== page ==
The problem, Dolan writes (pulling absolutely no punches) is that Kingdom Holdings' underlying assets do not add up to its own reported value. The Prince, she claims, is using his own personal fortune to boost the company in order to maintain his image.
...Kingdom Holding shares began what seemed a miraculous rebound in early 2010, rising 57% in the ten weeks prior to the February date that FORBES used to lock in values for that year’s Billionaires list, as Citigroup shares fell about 20%. The prince’s ranking on the FORBES billionaires list surged in lockstep to 19th ($19.4 billion).
In 2011 the pattern repeated. In the ten weeks before FORBES locked down its list, Kingdom Holding shares rose 31% while the Saudi index was up 3% and the S&P 500 was up 9% over that same period. (Prince Alwaleed finished at No. 26 in the world that year, with an estimated net worth of $19.6 billion.) It happened yet again in 2012, when Kingdom shares climbed 56% while the Saudi market was up just 11%, and the S&P 500 was up 9%. (This time Alwaleed was No. 29, with an $18 billion valuation, after FORBES discounted his claims on many of his non-Kingdom Holding assets.)
In this year's calculations, Forbes said it could not justify Kingdom's estimation of Alwaleed's wealth and that the gap between their estimates and his is about $9.6 billion.
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There are more billionaires than ever this year, with a record total net-worth of $5.4 trillion, according to Forbes' new billionaires list.
But even if you cannot be the richest person in the world, it is still pretty cool to be the richest person in your country.
Many billionaires have held the title of richest in their country for a number of years, but as always, there are a number of new titleholders this year.
The richest Greek: Spiro Latsis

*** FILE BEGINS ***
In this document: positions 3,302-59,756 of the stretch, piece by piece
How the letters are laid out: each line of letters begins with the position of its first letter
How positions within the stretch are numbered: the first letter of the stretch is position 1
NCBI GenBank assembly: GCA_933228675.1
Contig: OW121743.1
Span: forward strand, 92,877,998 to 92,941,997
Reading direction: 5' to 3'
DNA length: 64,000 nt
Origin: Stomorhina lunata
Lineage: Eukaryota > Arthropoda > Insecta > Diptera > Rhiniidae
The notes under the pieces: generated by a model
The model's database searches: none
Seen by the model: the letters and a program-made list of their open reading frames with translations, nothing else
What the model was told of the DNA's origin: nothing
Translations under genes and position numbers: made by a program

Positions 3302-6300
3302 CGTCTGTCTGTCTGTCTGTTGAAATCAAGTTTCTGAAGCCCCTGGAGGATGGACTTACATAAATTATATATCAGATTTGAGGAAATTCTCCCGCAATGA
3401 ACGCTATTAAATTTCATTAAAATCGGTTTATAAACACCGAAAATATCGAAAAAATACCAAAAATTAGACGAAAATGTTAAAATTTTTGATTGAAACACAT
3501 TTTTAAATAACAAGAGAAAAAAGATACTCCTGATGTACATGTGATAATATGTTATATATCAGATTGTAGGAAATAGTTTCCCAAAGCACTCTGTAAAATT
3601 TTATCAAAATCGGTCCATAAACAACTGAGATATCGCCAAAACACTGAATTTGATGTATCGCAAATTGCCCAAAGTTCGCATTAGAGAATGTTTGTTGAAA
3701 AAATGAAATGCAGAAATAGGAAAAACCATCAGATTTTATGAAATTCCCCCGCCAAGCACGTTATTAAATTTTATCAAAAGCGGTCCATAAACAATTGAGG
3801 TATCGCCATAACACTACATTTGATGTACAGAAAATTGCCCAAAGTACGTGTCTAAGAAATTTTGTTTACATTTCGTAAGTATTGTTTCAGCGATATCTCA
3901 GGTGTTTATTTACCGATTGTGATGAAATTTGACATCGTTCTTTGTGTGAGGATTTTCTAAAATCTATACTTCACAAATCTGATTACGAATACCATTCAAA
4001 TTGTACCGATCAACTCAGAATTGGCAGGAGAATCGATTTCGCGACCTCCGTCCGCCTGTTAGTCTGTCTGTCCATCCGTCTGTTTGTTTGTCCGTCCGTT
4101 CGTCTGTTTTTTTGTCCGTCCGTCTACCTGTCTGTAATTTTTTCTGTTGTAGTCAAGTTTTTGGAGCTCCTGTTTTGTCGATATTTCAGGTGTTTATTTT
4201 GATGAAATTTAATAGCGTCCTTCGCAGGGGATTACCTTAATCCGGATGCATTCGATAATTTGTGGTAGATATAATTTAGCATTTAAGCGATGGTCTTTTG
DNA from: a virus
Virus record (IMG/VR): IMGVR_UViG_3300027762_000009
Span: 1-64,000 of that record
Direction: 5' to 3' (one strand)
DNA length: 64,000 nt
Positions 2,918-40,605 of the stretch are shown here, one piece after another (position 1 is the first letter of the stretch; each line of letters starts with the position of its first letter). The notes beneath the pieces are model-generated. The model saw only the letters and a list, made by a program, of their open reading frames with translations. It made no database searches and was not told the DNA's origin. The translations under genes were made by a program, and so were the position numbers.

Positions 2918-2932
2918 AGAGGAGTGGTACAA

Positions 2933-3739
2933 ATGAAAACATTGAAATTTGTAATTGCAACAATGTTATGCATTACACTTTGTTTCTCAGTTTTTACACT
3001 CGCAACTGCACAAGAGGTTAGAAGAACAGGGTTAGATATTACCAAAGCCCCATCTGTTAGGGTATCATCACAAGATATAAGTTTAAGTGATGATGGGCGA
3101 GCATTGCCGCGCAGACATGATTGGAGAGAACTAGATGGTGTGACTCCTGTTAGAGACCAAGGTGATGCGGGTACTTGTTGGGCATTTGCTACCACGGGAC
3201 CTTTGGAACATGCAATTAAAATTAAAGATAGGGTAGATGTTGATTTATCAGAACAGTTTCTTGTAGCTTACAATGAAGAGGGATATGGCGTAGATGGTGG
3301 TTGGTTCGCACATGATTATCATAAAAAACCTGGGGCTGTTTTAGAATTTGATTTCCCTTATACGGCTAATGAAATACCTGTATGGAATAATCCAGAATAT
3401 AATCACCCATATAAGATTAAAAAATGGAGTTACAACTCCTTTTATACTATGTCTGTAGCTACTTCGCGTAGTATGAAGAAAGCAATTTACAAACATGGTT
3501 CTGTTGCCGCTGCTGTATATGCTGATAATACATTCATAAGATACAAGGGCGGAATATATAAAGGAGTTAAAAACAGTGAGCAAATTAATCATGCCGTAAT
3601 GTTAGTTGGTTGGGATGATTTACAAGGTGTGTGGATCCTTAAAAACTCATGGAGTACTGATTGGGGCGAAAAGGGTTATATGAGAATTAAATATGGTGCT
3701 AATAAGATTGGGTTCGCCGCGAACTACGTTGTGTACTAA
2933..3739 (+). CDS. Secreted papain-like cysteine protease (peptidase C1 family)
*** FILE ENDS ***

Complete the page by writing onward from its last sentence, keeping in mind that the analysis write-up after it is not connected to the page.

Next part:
Net worth: $3.3 billion
Forbes rank: 412
Background: Latsis made his fortune in the shipping industry, but he has taken a real hit as Greece's economy has collapsed.
The richest Argentines: Carlos and Alejandro Bulgheroni
Net worth: $5.5 billion
Forbes rank: 219
Background: Their father founded Bridas, an energy company, in 1948. The brothers now hold large stakes in Pan American Energy, which was formed as a result of a merger between Bridas and Amoco. Pan American Energy is Argentina's second largest energy company.
The richest Egyptian: Nassef Sawiris
Net worth: $6.5 billion
Background: Nassef Sawiris' father, Onsi, founded Orascom Construction Industries, which is Egypt's most valuable publicly traded company.
See the rest of the story at Business Insider
Yesterday, Forbes released its annual Billionaires List.
The list is really a tracker of who runs the global economy. Investors take a stake in the economy and watch their ideas turn into money.
So consider this list we've put together of the 92 richest investors in the world, a survey of who really gets it.
92. Charles Brandes
Net Worth: $1 billion
What he does/Holdings: Founder and chairman, Brandes Investment Partners, L.P.
Source of Wealth: Money management, self-made
Country of Citizenship: United States
91. Christopher Chandler
Net Worth: $1 billion
What he does/Holdings: Founded Dubai-based Legatum Capital
Source of Wealth: Investments
Country of Citizenship: New Zealand
90. Alberto Cortina
Net Worth: $1 billion
What he does/Holdings: Alcor Holding, construction firm Actividades de Construccion y Servicios, and a few African mines
Source of Wealth: Investments, self-made
Country of Citizenship: Spain
See the rest of the story at Business Insider
The weird mix of people includes a German beer magnate, a Russian business tycoon, a former prime minister of Italy, and others who earned law degrees before they made their billions.
10. Media giant Sumner Redstone is worth $4.7 billion.
Long before he seized control of Viacom in 1987, Redstone worked for the Department of Justice Tax Division and then briefly in private practice.
He earned his bachelor's degree and his J.D. from Harvard, and unlike most billionaires on this list, remained involved in the legal world for several years. After law school, he clerked at the U.S. Court of Appeals in San Francisco and taught law at the University of San Francisco and later at Boston University.
He then became a special assistant to the U.S. attorney general, helping litigate more than 50 cases, according to the New York Times. Last September, he donated $18 million to BU Law, helping fund the construction of a new building on their campus.